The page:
For me, the best interpretation of the meaning of deboost, is: to remove a user’s algorithmic priority, for a special reason.
So what is algorithmic priority? Well, for example, let’s say you and I both have a reach of about 1,000 impressions within our own follower-base. From those 1,000 views, your posts normally get around 75 engagements each, but mine only get about 5. With all else equal, a typical social platform’s algorithms would logically prioritise your posts over mine – or boost them – on the basis that more people probably want to see them. You have algorithmic priority over me.
This is where it gets complicated. Some social sites have a user-initiated distribution-boost system. On Twitter it’s called Retweet, on Tumblr it’s Reblog, etc. These are official tools, hardwired into the sites, and they put the general public in charge of inflating a given user’s reach. If I see your tweet, and I hit Retweet, my audience will see it as well as yours. Importantly, the decision to increase your reach is mine, not Twitter’s.
But Twitter also artificially, algorithmically, boosts the reach of users who have a good track record with engagement. So the visibility boost has a compound effect. The more Retweets you get, the more likely Twitter is to algorithmically boost your visibility. And the more Twitter algorithmically boosts your visibility, the more Retweets you’re likely to get. The result is a snowball effect.
There’s a tipping point at which this ‘snowball’ becomes too big to stop, and that’s when we see what we recognise as a viral tweet. Users who have artificial algorithmic boosts are a lot more likely to go viral on Twitter than those who don’t have them. So those people really have a substantial privilege.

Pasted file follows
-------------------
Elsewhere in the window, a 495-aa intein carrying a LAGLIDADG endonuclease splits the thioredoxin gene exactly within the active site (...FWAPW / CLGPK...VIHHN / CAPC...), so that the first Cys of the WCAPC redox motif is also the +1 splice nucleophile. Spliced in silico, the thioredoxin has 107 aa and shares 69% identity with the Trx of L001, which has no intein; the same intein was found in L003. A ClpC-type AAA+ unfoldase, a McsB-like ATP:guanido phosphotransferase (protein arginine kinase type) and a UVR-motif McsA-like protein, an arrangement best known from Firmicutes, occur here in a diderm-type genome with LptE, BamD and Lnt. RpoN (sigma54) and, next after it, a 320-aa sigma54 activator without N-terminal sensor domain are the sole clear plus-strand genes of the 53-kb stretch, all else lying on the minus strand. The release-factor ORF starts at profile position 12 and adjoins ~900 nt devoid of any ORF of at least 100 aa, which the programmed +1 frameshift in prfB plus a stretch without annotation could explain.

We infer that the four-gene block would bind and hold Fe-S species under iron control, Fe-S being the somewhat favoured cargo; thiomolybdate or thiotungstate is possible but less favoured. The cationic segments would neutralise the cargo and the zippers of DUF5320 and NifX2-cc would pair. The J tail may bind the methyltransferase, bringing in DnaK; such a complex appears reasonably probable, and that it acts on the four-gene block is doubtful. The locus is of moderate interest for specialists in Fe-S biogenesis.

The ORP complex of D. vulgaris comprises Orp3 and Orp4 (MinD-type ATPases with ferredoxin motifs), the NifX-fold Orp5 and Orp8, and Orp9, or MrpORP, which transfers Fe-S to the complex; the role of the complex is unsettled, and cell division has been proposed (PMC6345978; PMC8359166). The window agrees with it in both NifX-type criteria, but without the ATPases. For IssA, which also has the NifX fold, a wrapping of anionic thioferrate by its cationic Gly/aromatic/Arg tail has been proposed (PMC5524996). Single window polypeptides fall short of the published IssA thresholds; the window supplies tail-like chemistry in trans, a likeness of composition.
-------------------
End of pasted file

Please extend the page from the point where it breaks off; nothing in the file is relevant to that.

I’ve felt the effects of that privilege from both sides. I have more than one Twitter account with between 1,100 to 1,500 followers, but virtually no reach. If tweets from those accounts get 100 impressions, they’re having a good day. But I also have one account that, more by luck than anything else, crawled onto the engagement ladder. That account currently has about 1,200 followers – so at the lower end of what the others have. But as long as I tweet within the core audience’s interest-base, a tweet from that account will get a lot more views than the profile has followers. Probably in the 4,000 to 6,000 range. Same number of followers, but around fifty times the reach.
Some of that is down to the effect of Retweets, and some is down to the fact that the followers are much more attentive than those on the other accounts. But there’s another factor. Tweets from the better-perfoming profile won’t lie down and die if people don’t pick up on them straight away. Twitter keeps feeding them onto timelines and waiting for a bite – even the next day. Some tweets are still getting Likes two or three days after posting. That doesn’t naturally happen with the other profiles. It’s an algorithmic boost.